In the Future Clients Will Become Agencies (and Vice-Versa)

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When Microsoft announced its $6 billion deal for aQuantive, I was truly fascinated. More than anything, this deal validated what has been happening throughout our industry in recent years: the blurring of lines between client and agency. (Full disclosure: Microsoft is a client of Brownstein Group.)

Marc Brownstein Marc Brownstein
Think about it. Agencies are creating consumer products and selling them. They're developing product line extensions for their clients, while retaining the intellectual property rights. They're creating joint ventures with clients for branded products (like Crispin's video game for Burger King), and sharing in the revenues. At the same time, clients are buying or becoming agencies, and becoming creative types, branding purveyors and content providers overnight.

Will agencies increasingly rely on marketing their own products for their client base? Will clients rely less on outside shops to handle their marketing? Will both sides lose perspective and their edge over time? Who knows!? Thing is, right now, huge changes are taking place in the agency business, and it's a wild ride.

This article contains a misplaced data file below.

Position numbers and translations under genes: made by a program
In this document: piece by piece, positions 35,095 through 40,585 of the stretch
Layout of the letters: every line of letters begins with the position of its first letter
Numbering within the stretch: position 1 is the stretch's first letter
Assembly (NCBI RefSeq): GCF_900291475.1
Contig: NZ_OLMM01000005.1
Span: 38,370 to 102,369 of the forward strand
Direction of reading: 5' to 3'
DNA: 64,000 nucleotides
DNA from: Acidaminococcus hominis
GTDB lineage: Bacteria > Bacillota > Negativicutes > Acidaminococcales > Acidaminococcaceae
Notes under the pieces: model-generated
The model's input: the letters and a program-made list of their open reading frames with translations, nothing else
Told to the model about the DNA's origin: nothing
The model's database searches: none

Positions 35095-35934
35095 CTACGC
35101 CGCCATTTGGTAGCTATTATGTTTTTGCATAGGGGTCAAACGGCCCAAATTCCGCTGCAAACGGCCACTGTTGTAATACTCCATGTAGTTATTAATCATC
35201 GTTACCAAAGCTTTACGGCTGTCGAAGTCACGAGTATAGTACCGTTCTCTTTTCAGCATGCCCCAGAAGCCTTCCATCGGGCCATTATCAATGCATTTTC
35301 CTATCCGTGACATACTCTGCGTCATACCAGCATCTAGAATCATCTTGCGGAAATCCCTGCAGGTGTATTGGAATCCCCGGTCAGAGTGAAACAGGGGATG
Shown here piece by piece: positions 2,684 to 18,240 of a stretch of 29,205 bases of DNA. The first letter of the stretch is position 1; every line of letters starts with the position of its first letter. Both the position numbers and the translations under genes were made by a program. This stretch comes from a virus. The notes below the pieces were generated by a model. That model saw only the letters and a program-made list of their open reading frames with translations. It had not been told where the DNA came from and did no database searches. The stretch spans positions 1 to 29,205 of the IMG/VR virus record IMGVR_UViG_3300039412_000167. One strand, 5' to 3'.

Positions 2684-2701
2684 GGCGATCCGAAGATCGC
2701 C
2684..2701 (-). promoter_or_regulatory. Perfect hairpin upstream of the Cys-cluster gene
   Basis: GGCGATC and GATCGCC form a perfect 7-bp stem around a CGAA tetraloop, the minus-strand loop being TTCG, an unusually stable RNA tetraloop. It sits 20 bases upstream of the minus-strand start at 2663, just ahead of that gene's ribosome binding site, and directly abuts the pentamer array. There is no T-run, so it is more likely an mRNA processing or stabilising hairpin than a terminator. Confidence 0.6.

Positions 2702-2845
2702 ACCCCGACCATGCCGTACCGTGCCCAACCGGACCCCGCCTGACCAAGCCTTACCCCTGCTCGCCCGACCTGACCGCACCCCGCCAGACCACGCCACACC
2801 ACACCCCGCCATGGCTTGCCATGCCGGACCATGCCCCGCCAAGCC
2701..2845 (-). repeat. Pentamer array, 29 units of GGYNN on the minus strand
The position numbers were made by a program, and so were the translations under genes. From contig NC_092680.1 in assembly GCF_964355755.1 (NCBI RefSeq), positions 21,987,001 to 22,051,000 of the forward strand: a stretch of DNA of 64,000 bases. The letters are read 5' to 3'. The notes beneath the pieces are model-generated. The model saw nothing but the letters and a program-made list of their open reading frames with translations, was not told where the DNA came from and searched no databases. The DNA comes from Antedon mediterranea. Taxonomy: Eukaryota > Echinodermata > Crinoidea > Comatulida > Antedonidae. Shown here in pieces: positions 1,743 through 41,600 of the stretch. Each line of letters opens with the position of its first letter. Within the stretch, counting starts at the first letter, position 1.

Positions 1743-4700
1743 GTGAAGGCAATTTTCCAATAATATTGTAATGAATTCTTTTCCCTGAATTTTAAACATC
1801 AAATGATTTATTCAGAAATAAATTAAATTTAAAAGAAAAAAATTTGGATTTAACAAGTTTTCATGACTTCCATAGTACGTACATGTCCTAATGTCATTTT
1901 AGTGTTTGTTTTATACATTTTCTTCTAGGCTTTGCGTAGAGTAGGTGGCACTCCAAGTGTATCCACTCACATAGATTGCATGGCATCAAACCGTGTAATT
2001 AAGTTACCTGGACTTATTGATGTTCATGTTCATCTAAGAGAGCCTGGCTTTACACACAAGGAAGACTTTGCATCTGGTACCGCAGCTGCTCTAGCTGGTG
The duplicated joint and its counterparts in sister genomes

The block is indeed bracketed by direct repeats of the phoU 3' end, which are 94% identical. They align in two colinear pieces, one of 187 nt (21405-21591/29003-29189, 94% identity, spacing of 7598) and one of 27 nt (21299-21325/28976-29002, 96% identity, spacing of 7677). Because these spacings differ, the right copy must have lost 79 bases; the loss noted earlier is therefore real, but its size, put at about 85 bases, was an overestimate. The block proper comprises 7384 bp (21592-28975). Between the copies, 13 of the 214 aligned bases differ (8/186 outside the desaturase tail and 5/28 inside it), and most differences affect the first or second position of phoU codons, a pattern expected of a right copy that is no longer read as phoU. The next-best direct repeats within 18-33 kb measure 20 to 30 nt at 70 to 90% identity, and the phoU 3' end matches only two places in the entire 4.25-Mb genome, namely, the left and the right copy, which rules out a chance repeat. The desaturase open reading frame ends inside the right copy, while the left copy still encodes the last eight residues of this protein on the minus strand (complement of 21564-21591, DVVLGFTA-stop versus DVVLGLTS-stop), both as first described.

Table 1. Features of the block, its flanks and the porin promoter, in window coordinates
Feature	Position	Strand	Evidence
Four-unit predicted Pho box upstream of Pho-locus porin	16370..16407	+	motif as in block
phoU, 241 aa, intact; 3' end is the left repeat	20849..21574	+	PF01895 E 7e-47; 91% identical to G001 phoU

Looking ahead, agencies should broaden their appeal to become as much content providers as idea generators. With the explosion of cable channels, websites, satellite radio and niche publications, content is running thin. Why couldn't agencies specialize in generating it? We could create more shows (like the Geico Caveman spinoff), inspire more channels, capture eyeballs on sites with compelling content and publish magazines. Why not leverage our strategic planners, copywriters and art directors?

The days of agencies relying solely on creating ads for TV, radio, print and outdoor are so over. Just ask any client.

As for client companies, they are frustrated with slow-moving agencies who sound amazing in pitches, and are never quite as sexy as on that first date. So they're buying agencies themselves, and will run them like they run their companies. Whether the client-owned agencies lose their objectivity remains to be seen. But it's one sure way to ensure your brand receives best practices, lowest media rates and a steady flow of work.

It's all pretty exciting stuff. In fact, I can't wait to see the career path from copywriter to CEO suite at a Fortune 100 company. Revenge of the creative types!
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